While there are multiple causes for back pain, a common diagnosis is a herniated disc. Commonly referred to as a “ruptured” or “slipped” disc, a herniated disc often affects the lower back or neck region with pain ranging from mild to extreme. Fortunately when it comes to herniated discs, most patients experience significant improvement within a few months of home treatment and physical therapy.
Causes & Symptoms
The spinal column is comprised of vertebrae and discs. Vertebrae are a series of small bones running from the lower back to the neck. Discs are the soft rubbery pads between each vertebrae. Discs in the lumbar spine are comprised of an outer ring of cartilage, called the “annulus” and an inner gel-like substance called the “nucleus.” Discs in the cervical spine (neck) are smaller in size, but similarly structured. These discs are vital to spinal functionality, acting as shock absorbers and enabling flexing and bending.
When a disc herniates, the central nucleus pushes through the annulus. This places pressure on the surrounding nerves and can often result in sciatic nerve pain (lower back pain), numbness, or weakness throughout the body. A ruptured disc may have multiple causes. The most common include:
- Strenuous activity or exercise
- Improper lifting techniques
- Age lead disc degeneration
- Regular smoking and drinking
Additionally, there are four stages of disc herniation. They are as follows:
- Degeneration - When the nucleus pushes into the outer annulus causing mild to moderate pain and discomfort.
- Protrusion - When the annulus forms a bulge, which places pressure on spinal nerves.
- Extrusion - When the annulus ruptures, but the nucleus remains intact.
- Sequestration - When the annulus ruptures and the nucleus separates from the disc.
While herniated discs are a common injury, there are still many misconceptions surrounding the this area of work.
Myth #1: Patients will have a permanent disability
Whether it’s working manual labor jobs, exercising, caring for children or just sitting comfortably, patients often fear a herniated disc can infringe permanent limitations on everyday life. This does not have to be the case. When help is sought on a timely basis, patients can experience a full recovery and return to their normal lifestyles.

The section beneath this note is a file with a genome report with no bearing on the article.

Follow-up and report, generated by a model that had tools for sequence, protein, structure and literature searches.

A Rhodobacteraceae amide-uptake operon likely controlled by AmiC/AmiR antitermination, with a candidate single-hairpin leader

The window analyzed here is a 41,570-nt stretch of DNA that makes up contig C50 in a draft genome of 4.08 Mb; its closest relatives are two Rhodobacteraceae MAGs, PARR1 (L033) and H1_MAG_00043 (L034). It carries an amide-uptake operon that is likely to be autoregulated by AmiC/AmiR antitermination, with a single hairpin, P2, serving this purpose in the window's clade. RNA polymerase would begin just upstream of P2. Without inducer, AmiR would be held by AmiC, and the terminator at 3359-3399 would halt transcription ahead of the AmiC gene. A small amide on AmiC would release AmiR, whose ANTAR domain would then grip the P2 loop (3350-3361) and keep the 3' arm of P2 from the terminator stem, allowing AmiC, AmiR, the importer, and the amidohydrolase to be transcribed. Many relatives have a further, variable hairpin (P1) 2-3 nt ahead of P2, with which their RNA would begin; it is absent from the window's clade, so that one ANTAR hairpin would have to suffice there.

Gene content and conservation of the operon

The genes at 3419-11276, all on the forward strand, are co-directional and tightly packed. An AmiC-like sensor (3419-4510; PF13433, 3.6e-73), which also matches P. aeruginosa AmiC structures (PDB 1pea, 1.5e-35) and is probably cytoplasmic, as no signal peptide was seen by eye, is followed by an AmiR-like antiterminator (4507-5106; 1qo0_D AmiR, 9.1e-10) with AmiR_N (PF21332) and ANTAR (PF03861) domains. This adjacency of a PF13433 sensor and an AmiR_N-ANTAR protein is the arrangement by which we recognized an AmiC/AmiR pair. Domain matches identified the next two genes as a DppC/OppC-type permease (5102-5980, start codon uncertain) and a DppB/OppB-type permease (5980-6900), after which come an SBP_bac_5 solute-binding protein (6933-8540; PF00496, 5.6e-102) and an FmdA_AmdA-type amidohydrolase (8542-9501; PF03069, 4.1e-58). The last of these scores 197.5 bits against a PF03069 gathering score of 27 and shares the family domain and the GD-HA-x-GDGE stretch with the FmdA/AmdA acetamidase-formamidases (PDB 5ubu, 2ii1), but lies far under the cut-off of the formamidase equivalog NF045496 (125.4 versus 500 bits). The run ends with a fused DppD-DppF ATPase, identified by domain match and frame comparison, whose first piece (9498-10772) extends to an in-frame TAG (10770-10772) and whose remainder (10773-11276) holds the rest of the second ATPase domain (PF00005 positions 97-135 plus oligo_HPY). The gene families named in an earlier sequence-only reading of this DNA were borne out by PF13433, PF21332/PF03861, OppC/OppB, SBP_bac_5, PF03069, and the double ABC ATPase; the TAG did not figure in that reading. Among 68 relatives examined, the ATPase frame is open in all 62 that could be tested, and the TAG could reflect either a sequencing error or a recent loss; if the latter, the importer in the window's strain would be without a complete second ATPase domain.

Myth #2: Surgery is the only option
Patients with herniated discs often fear surgery is their only option. The truth is, however, only a small percentage of patients need surgery. In fact, the most common treatment method for herniated disc pain is non-surgical home care. Common treatments include:
- Over-the-counter pain relievers and anti-inflammatory medications
- Hot and cold compresses on the affected area applied several times daily in increments of no more than 20 minutes at a time
- Mediated bed rest (excessive time in bed can actually weaken muscles and joints, sometimes worsening symptoms)
- Moderate, measured physical activity (consult with a doctor before hand)
If the above treatments fail to relieve symptoms of a herniated disc, epidural injections of a cortisone-like drug may be given on an outpatient basis over a number of weeks to lessen nerve inflammation and improve physical therapy performance.
When home treatment has failed, herniated disc surgery is an option. At MidAmerica Orthopaedics, Neurological Surgeon Dr. Kevin M. Jackson specializes in minimally invasive spine surgery (MISS). MISS can help reduce tissue trauma, postoperative pain, and recovery time. While some post-surgery pain is to be expected, advancements in pain management and post-surgery physical therapy make it easier than ever to manage discomfort.
At MidAmerica Orthopaedics, our post-surgery physical therapy and rehabilitation consists of recommended exercises and stretches, as well as training in proper bending and lifting techniques to avoid future injuries. Our regiments aim to get our patients back on their feet, returning to daily activities, and moving at the speed of life. Full recovery time is based on the severity of the condition and is evaluated on a case-by-case basis.
To learn more about MidAmerica Orthopaedics and the different treatment options available to you, visit our website.
To schedule an appointment with MidAmerica Orthopaedics Neurological Surgeon Dr. Kevin M. Jackson, call (708) 237-7200.